And instead of the ‘stairstep’ tailpiece of the non-vibrato model, here we get a large rectangular metal box vibrato bolted to the body with a black-knobbed screw that holds the top in place and a protruding, long, vibrato arm. There’s little doubt it adds to the overall weight (and balance) - our non- vibrato model weighed in at 3.45kg, this one is 3.77kg. 

Removing the top-plate you can easily see the two tension springs (attached to a Strat-like spring claw). At the front of the unit is the bar into which the strings are anchored. There are no Bigsby-like pins, the strings pass through the bar and over the top and onto the bridge giving, bearing in mind the height of the bridge, very little back angle. We have to say it’s not the easiest to re-string as you have to thread the G
and D under the spring retainer bar and, of course, remove and refix that top-plate. 


This guitar does not place ergonomics at the forefront. This Supro might hail from the early 60s, but it feels more akin to a jazz-box from the previous decade that’s been given a contemporary (as in the 60s) makeover. It sounds a little antiquated - there’s a bit of semi-bloom and an acoustic volume but with a shorter, plunkier response. 

In terms of set-up, the Supro needed a truss-rod tweak (there’s more relief on the bass side than the treble) and a bit of manual movement to get the intonation, sort of, right. If you’re particular about set-up, it’s not for you. 

The Supro goes for a skinny depth neck - 20.5mm at the 1st, 22mm at the 12th - although the shape is similarly a relaxed C with slightly narrower and lower frets (2.4mm wide x 0.9mm high) and slightly smoother fingerboard edges, which of course are bound.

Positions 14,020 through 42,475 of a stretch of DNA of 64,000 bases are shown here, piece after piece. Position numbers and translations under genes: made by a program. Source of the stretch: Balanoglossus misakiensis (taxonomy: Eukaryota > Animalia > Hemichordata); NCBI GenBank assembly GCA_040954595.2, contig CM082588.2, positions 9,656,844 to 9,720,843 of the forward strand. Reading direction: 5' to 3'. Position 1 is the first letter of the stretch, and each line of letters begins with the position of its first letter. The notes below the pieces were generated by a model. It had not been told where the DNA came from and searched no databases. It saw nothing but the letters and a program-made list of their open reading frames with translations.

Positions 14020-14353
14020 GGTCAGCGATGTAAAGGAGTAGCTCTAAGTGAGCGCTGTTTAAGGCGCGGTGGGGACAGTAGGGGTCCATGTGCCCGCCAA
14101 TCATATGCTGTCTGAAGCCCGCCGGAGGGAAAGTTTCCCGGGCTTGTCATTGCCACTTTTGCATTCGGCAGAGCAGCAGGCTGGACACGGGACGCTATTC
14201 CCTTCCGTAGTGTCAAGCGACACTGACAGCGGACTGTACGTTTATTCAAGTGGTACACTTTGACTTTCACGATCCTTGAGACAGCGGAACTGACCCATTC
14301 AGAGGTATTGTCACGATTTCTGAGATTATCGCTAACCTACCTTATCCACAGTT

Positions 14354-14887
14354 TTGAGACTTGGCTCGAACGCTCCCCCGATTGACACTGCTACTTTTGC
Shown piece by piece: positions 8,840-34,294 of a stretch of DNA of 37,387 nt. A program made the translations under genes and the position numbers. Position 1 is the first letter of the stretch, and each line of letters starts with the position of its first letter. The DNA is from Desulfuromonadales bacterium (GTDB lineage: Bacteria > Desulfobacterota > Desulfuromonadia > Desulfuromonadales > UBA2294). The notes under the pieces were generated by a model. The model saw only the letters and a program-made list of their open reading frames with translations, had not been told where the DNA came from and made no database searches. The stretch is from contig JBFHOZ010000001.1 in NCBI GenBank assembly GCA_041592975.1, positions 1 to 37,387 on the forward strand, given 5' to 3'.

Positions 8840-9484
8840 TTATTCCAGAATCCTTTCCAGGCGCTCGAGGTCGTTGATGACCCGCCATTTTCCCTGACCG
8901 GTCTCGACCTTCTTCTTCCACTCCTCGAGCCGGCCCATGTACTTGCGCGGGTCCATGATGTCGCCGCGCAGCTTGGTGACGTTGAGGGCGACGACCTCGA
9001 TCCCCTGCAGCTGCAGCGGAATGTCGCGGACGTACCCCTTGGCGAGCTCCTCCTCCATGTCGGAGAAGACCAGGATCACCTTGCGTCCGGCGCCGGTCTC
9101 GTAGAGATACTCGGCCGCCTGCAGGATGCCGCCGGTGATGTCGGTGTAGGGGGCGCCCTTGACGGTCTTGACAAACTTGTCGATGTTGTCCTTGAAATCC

The Supro really doesn’t do conventional. The combination of its idiosyncratic construction and feel might have you putting it back on the store wall. Our advice is to persevere. There’s a throaty bite at bridge, a real older blues voice that snaps and snarls - more Tom Waits than Tom Petty. That said, and as we concluded previously, it does a great late-60s Stones or Kinks. 

It’s little surprise that kicking in a Supro Drive pedal is a perfect match heading us Detroit way. Kick in a fuzz and take a waggle on the smooth-feeling vibrato and sonic chaos ensues. Tuning stability? It needs a little sorting, the bridge rocks and the break points on the rosewood bridge are a little vague. But the slightly ‘out’ intonation almost adds to its authenticity. Not for everyone, but there’s a wealth of old-school tones here for the 50s or 60s revivalist or anyone that wants to explore different sonic paths. A grower. 

Supro’s convoluted and complex build marries archtop ‘jazz age’ style with an Art Deco-inspired aesthetic and is harder to pigeonhole. It remains quite a unique characterful drive but one that
we suspect will be more polarising. Get to know it, however, and it’s a wonderfully unpredictable and creative tool to summon up some older, funkier, tones. 

Dave Burrluck

Dave Burrluck is one of the world’s most experienced guitar journalists, who started writing back in the '80s for International Musician and Recording World, co-founded The Guitar Magazine and has been the Gear Reviews Editor of Guitarist magazine for the past two decades. Along the way, Dave has been the sole author of The PRS Guitar Book and The Player's Guide to Guitar Maintenance as well as contributing to numerous other books on the electric guitar. Dave is an active gigging and recording musician and still finds time to make, repair and mod guitars, not least for Guitarist’s The Mod Squad.